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  • Gay leads a youthful U.S. team into worlds

  • DES MOINES, Iowa — Tyson Gay rarely, if ever, talks trash and barely, if at all, speaks much higher than a whisper.
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  • DES MOINES, Iowa — Tyson Gay rarely, if ever, talks trash and barely, if at all, speaks much higher than a whisper.
    He's far from your ordinary sprinter in that regard, preferring to let his performances on the track do his boasting.
    Over the weekend, his races spoke loud and clear: The Tyson Gay of old is back. Not only back, but possibly better than ever.
    Gay easily won the 100 and 200 meters at U.S. championships, running season-leading times that are sure to catch the attention of Usain Bolt in Jamaica.
    It also proved that Gay's surgically repaired hip is indeed fully mended as he leads a youthful U.S. squad into the world championships in Moscow in August.
    "I say this and I mean this: A healthy Tyson Gay wins championships," his coach, Jon Drummond, said.
    Over even Bolt?
    "Absolutely," Drummond said. "Bolt respects Tyson probably more than anyone. He knows Tyson is his fiercest competitor."
    Nationals weren't just the Tyson Gay show. There were quite a few unfamiliar names making headlines, like teenager Mary Cain after her savvy second-place finish in the 1,500 meters earned her a spot on the world team.
    Or the performance of 100 hurdler Brianna Rollins, who finished in 12.26 seconds to break the American record set by Gail Devers in 2000.
    That wasn't it from the youngsters, either: Former Oregon standout English Gardner won the 100 and Kimberlyn Duncan, fresh off winning another NCAA sprint title at LSU, beat Allyson Felix in the Olympic champion's signature event, the 200.
    Unknowns now, but after Moscow it could be a different story.
    "All these new faces are great," former Olympic champion Maurice Greene said. "The United States now is about to start showing the rest of the world how good we really are."
    Actually, it pretty much started at the London Games, when the U.S. captured 29 medals, the country's biggest haul at a major meet since winning 30 at the 1992 Summer Games.
    However, one of the individuals responsible for the recent medal surge is departing USA Track and Field. Benita Fitzgerald Mosley will leave her post as chief of sport performance for a position with the U.S. Olympic Committee. She stepped into her role four years ago, when ousted CEO Doug Logan helped generate a report termed "Project 30," which was the number of medals Logan thought the U.S. should aim for in 2012.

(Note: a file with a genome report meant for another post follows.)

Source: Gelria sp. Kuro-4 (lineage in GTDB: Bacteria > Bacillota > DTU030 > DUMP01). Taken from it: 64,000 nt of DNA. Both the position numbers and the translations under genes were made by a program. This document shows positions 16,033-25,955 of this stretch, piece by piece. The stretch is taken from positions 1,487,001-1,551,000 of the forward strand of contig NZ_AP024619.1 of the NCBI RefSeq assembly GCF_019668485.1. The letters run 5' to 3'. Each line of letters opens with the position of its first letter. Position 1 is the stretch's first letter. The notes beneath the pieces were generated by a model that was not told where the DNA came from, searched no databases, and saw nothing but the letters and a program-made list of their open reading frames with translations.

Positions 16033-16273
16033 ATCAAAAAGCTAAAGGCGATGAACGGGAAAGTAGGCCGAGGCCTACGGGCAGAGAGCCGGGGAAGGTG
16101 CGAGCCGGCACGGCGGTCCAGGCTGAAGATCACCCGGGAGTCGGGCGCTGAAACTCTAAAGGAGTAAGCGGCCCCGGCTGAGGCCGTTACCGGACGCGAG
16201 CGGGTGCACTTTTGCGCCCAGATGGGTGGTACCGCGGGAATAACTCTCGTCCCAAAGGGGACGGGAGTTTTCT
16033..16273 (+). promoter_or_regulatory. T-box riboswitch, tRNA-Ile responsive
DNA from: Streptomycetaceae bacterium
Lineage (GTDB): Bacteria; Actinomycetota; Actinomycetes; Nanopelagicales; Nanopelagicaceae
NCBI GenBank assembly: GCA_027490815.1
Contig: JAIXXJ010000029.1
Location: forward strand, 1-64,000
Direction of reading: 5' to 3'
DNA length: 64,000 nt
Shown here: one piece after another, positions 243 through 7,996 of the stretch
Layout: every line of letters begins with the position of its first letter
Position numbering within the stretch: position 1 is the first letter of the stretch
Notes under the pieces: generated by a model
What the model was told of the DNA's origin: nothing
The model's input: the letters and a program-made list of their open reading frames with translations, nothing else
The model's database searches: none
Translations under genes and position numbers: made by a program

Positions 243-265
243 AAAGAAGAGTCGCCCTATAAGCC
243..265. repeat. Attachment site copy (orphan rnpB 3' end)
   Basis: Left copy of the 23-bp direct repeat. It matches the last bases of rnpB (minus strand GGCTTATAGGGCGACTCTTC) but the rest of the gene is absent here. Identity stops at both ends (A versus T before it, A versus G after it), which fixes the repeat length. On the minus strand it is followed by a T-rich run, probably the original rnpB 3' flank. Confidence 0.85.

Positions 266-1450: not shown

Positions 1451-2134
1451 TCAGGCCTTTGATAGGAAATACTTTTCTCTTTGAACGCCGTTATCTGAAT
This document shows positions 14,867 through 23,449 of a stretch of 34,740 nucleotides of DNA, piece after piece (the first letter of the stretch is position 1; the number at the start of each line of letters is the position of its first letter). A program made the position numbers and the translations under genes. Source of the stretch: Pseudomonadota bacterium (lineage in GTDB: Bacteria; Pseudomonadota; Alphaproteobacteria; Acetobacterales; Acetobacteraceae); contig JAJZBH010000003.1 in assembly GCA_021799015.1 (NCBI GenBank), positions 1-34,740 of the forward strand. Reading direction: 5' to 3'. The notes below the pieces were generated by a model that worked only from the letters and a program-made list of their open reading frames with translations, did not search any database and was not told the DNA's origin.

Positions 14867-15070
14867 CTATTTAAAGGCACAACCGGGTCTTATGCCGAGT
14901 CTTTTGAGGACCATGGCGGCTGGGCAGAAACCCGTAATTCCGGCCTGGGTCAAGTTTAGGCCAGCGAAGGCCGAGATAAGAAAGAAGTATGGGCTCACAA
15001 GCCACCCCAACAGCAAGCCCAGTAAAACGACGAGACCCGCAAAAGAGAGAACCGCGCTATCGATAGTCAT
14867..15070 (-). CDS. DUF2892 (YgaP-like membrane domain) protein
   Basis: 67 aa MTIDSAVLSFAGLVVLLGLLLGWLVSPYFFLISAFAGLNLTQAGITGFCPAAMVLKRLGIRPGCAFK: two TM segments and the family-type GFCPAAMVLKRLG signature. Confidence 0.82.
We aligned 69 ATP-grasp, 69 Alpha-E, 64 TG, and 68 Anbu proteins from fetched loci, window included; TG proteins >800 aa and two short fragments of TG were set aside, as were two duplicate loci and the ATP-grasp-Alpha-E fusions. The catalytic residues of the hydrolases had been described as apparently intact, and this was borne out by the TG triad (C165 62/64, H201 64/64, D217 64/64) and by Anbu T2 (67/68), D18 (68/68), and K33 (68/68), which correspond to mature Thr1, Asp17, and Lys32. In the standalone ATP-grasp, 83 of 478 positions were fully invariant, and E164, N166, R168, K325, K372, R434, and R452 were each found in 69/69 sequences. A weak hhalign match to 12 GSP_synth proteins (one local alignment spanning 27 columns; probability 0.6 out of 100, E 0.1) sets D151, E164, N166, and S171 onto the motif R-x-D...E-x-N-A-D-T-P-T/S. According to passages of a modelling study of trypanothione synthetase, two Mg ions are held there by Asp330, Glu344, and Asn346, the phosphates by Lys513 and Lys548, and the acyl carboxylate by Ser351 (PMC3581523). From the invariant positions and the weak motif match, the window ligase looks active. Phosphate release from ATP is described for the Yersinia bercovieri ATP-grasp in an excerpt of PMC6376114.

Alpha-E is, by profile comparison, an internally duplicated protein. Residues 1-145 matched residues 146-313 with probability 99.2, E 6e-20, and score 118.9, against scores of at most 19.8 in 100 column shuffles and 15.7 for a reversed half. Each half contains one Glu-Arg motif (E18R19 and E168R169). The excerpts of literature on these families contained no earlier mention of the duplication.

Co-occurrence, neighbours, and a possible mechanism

"I had a target on my back," Mosley said, laughing. "But we all pulled together around our high-performance plan to try to elevate the performance of the U.S. team. We were successful."
    The Americans certainly have quite a few new faces making the trip to Russia.
    Quite a few familiar ones, too. Among the other big names earning spots include Olympic champion and world record holder Ashton Eaton (decathlon), '08 Beijing Games gold medalist LaShawn Merritt (400), Felix (200), Bernard Lagat (5,000), London Games silver medalist Galen Rupp (10,000; along with 5,000), '04 Olympic champion Justin Gatlin (100) and indoor record holder Jenn Suhr (pole vault).
    Oh, and Gay. He will put that hip to the supreme test against Bolt, who typically saves his best for major meets. It's setting up to be quite a competition.
    "Tyson can be great if he's healthy," Greene said.
    In recent seasons, that hasn't been the case. Gay has dealt with nagging injuries ever since winning the 100 and 200 at the worlds in 2007. These days, though, there are no groin tweaks, hamstring tightness or hip twinges holding him back.
    He's running without pain, as evidenced by his fast times. He beat Justin Gatlin in the 100 by finishing in 9.75 seconds.
    Then, two days later — with his hip still feeling good — Gay roared around the curve and held off a hard-charging Isiah Young in a time of 19.74.
    "You're now seeing the Tyson of 2007," Drummond said. "You're seeing a mature, focused, committed guy who's been through a lot of issues and (injuries), one after the other. It can be heartbreaking, but he stayed the course and stayed focus. The end result is what we see right now."
    To say the 17-year-old Cain was pleased to make the team wouldn't even scratch the surface. She was so elated, she could hardly stand still after the race.
    Cain followed the lead of training partner Treniere Moser to earn a spot, with Moser just beating her at the line.
    "I really wanted to get a uniform," Cain said. "I'm so excited."
    Ah, youth.
    And there's plenty of it on this team, especially in the sprints.
    Gardner isn't exactly a household name, but she's quickly changing that. The 21-year-old captured the 100 against a field that was missing Carmelita Jeter (quadriceps) and Felix, who sat out to concentrate on the 200. Gardner's time of 10.85 is one of the fastest in the world this season.
    The women's 100 team also features Central Florida's Octavious Freeman, Alexandria Anderson and Jeter, who already had an automatic bye courtesy of her win at worlds in 2011.
    Rollins, a standout at Clemson before turning pro this month, had quite a breakout performance, too, by turning in one of the top times ever in the hurdles.
    "I just came out here and tried to focus on my own lane," Rollins said.
    That was also the approach in the 400 of Olympic champion Sanya Richards-Ross, who was trying to finish in the top three despite a surgically repaired right big toe that has hampered her training. It didn't work out as she finished sixth in a final won by Natasha Hastings.
    "I gave it my best," Richards-Ross said.
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